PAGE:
# Continuous Kelly Trainer: Ship Investor 2

After I made the first Ship Investor game all that time ago, I continued learning about the Kelly criterion, and made a second game in which you can learn to apply the same principles to a more continuous situation. This is closer to real-world financial investing.

This is a more difficult game than the previous one. This time, you’re setting up a portfolio split between two mutual funds, and you want the allocation that maximises growth,

As before, you can compete against a friend by using the “link to this scenario” button. Send your friend a link to ensure they get the exact same market movements you do, then play simultaneously and see who becomes richest in two minutes. In this game, you can also see how you compare against the “optimal non-anticipatory” portfolio, the details of which would be a separate article.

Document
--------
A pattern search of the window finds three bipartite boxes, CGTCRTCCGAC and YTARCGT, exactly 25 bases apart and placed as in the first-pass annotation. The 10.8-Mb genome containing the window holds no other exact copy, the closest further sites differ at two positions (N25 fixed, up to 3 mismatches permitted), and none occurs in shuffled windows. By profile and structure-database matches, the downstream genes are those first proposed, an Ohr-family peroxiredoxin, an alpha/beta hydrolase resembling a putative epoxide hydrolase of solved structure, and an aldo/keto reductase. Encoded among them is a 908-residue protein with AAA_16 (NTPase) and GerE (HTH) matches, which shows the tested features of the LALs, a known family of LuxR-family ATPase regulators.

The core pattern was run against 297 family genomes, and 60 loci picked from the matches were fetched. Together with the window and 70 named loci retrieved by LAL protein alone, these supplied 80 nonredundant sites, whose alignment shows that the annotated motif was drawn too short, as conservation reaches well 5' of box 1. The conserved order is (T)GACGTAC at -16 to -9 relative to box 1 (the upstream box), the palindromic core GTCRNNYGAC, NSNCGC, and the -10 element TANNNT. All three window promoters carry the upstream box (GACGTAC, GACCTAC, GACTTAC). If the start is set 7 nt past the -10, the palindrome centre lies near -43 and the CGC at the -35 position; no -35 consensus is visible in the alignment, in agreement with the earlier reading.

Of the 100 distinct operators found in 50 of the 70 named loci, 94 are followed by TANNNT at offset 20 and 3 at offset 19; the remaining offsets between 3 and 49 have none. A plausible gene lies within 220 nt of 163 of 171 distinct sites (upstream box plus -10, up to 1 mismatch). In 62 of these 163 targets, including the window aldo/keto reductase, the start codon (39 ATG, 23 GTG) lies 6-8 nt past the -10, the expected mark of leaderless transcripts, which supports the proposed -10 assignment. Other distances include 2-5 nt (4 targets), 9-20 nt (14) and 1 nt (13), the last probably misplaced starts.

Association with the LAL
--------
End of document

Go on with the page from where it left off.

The trick to doing well in this game is picking a constant fraction to keep in
either of the funds, and then sticking to it. For example, if you decide to
invest 30 % of your wealth in the Malacca fund, then if that fund goes well,
that piece of the pie will grow and it might end up containing 34 % of your
wealth. The right thing to do then is sell of some of it to bring it back down
to 30 %. This is called a *constant-fraction rebalanced portfolio*.

Which fraction should you pick? You can figure out a fraction that resembles the optimal Kelly investment, but that takes a little more maths (and an estimation of the probability distribution of future outcomes). However, any constant fraction is better than trying to outsmart the market.

A counter-intuitive observation about the rebalanced portfolio is that *it can
outperform every single of its components*!^{1} This comes with a caveat, and
the interested reader should check out aqr on common misconceptions around
rebalancing. In other words, even if you had a crystal ball and could see which
of the components will give the highest return in the future, you might still
end up in a worse place by investing everything into that best-performing
component, compared to spreading your investments out and rebalancing.